I woke up in a strange place

By Marc Heiden, since 1997.
See also: a novel about a monkey.

December 18, 1999 I have found that all of the New Year's 2000 hype is infinitely more bearable and in fact rather entertaining if, whenever you see something that mentions it, you mentally replace 'the millenium' with 'humanity's descent into cannibalism'. "the Clarion Hotel is the only place to celebrate humanity's descent into cannibalism!" it's okay, at least. well, nothing can redeem "Millenios". don't worry, it'll all be over soon.

everyone queue up: who will be the first person to do something that critics call "post-millenial"?

so, where do you plan to be when humanity descends into cannibalism? I know several people who are heading up to a house in rural Wisconsin, which seems a very sensible thing to do. personally, I'm curious to see what's going to happen. I can't imagine that much chaos will be visible from the quiet street in Urbana where I plan to be, but some trace elements should be within a quick walk. I do feel like I should be in Chicago, perhaps looting a bookstore, but there's going to be a lovely party down here. we're going to dress up nicely and have a formal dinner to make the upcoming barbarism all the more poignant. if you're reading this, you're invited. (I've found myself repeating that line several hundred times and I want to assure everyone that I'm aware of its only moderate degree of cleverness. I just haven't found a better way to phrase it.)

why am I so excited about New Year's Eve? partly because of the distant potential for total social collapse, but mostly the atmosphere. one of the best nights of my life was spent walking the streets of Chicago right after the Bulls won the NBA championship. everyone was outside, and although society wasn't overturned, there was this implication hanging in the air that certain rules didn't apply anymore. everyone knew what the laws were, but they seemed like a suggestion more than anything else. it was electric. that's what I'm hoping for here. I've considered all of the angles. I've never had much of an objection to getting maimed. I am, however, against anyone eating babies. that rule should still be respected.

you may remember that I mentioned my action movie a couple updates ago. the latest development is that the bad guy will die at the end when the good guy punches him off the roof and the bad guy gets impaled on a clown who happens to be standing on the ground below. my action movie is going to make a billion dollars at the box office.


I don't have a bible on hand at the moment, so I can't remember exactly how Jonah got out of the whale. was it through the mouth? did it poop him out with some taco bell? since I can't recall the key details, I'm going to have to abandon that metaphor and just say that I had a whole fucking lot of school work to do. two theses and several papers, something like 120 pages in two weeks. all of it was research, too. (whatever happened to good old english papers where I'd get to ramble about some guy's poem until I'd met the required page length?) to complicate the entire thing further, I developed a massive stomach disorder that had me vomiting nearly everything I ate and left me anemic from lack of ability to keep anything with iron down. the low point of the entire episode involved a man named Santiago putting his finger impossibly far into my arse with extremely tenuous justification. he claimed to be a doctor. I don't know. eventually I went to a real hospital, had some surgery, and kind of sorted things out. it was a mess. I managed to do fairly quality jobs on all of the papers aside from one. we performed one of my favorite Potted Meat shows somewhere inbetween. when it was all over, I slept for about a week.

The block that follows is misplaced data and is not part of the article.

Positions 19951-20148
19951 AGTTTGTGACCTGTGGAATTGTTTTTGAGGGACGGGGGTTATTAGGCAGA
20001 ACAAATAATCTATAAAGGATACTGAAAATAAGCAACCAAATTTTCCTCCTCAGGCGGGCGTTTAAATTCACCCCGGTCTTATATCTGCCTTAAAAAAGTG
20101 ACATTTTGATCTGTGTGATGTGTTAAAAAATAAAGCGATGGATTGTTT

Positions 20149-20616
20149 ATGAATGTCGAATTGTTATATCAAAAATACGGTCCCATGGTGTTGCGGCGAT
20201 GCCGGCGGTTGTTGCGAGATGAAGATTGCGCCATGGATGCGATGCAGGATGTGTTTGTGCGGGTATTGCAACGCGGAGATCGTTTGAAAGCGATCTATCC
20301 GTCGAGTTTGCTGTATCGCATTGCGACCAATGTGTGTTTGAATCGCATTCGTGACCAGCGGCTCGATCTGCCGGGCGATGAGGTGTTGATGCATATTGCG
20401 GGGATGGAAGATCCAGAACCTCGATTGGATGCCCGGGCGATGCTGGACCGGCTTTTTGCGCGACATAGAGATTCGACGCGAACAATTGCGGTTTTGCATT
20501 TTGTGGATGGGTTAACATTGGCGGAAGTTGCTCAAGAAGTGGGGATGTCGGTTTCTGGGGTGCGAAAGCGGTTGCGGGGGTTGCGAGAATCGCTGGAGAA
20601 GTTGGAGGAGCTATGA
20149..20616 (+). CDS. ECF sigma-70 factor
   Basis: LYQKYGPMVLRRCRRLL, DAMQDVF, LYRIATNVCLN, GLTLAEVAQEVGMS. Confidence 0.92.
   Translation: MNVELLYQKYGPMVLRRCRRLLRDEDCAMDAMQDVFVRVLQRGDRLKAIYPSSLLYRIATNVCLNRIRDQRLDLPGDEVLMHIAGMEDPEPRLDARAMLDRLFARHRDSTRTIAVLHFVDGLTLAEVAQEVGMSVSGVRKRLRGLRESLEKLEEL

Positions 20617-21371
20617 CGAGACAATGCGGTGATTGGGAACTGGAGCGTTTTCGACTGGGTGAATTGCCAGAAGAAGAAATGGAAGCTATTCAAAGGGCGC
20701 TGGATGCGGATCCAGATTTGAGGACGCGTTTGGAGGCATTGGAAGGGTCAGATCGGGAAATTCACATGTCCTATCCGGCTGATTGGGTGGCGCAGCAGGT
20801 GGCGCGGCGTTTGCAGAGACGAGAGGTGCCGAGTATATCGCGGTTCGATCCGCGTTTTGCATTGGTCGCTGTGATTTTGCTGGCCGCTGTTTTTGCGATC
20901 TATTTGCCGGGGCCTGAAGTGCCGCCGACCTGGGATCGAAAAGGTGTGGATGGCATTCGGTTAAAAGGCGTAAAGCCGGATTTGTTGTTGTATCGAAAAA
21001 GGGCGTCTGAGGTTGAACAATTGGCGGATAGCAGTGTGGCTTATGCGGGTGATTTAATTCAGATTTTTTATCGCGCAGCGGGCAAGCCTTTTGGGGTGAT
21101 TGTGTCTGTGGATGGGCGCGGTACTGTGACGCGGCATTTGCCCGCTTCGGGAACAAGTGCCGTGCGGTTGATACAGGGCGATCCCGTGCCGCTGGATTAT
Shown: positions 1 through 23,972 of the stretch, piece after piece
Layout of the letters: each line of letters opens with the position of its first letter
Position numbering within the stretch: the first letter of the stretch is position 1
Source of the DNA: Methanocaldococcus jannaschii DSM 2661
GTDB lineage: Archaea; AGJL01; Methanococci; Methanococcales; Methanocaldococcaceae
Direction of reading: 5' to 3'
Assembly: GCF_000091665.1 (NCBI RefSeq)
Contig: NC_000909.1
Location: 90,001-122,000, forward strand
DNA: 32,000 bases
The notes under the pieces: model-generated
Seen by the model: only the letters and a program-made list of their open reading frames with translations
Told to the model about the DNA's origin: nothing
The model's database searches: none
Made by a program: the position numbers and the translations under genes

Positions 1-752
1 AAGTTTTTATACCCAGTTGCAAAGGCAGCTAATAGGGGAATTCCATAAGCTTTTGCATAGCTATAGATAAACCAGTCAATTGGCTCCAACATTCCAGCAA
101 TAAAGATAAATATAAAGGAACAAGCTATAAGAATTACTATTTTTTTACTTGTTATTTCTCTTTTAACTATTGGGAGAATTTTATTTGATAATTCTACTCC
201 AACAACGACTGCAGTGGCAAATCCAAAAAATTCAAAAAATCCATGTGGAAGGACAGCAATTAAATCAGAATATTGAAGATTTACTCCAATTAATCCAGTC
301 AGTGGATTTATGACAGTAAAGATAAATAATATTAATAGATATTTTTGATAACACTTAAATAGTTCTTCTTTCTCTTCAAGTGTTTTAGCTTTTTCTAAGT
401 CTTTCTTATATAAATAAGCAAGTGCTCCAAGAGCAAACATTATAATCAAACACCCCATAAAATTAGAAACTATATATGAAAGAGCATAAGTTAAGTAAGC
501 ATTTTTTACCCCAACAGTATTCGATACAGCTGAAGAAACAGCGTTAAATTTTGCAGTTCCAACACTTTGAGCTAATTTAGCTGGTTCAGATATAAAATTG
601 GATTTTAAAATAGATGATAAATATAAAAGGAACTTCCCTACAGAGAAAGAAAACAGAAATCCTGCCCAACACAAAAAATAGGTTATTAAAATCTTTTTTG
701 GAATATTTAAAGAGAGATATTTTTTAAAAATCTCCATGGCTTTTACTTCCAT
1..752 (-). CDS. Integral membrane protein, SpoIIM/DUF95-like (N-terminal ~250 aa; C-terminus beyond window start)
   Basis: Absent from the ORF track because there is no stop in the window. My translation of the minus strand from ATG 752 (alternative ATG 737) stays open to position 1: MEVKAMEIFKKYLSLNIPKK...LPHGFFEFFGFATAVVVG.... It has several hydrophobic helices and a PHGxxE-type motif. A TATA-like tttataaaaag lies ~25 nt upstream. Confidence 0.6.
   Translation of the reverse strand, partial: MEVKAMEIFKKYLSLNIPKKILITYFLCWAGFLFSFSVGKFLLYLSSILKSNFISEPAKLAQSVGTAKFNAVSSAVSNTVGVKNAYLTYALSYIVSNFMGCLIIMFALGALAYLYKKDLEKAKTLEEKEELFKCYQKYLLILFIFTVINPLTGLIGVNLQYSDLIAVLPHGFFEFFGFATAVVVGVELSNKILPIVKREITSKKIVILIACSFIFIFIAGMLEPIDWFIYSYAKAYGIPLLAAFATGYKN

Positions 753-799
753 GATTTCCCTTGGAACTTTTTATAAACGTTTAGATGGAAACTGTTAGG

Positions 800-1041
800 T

so, in theory, as far as I know, I graduated with my three degrees and I'm done with school forever. no one has told me otherwise. the rest is a blur.

Christmas was alright. low-key, like Thanksgiving I didn't do much because I didn't have much to do. not many people are in town at the moment. a few of the ones who are did quite nice things for me and I was unprepared as usual. I'm terminally crap at the gift-giving routine. I never know when to do it and have like two ideas, both of which are a gift certificate. (in one version, I include a card.) I'm constantly tempted to buy abjectly terrible gifts for people, like a Stryper album or a book about living with herpes, just to see how far politeness of reaction will stretch. then I remember the lesson from Sesame Street about how you shouldn't perform cruel psychological experiments on your friends, and I buy some gum instead.

I did my best to foster panic in the area by playing the famous Orson Welles "War of the Worlds" broadcast on the radio. I don't know if it worked. I live in a test tube and I don't get out much.


I plan to stay in Champaign through the duration of my lease, which is mid-August, and then move up to Chicago to do god knows what. I want to keep writing/performing comedy, which means that my next few years will probably be spent working crap jobs and looking for rich benefactors. a witty dental assistant said that it sounds like I'll be a waiter. she must be a Hollywood insider when she's not busy cleaning people's teeth. I'm polishing my resume for a position as a trophy-husband. I could do that for a while.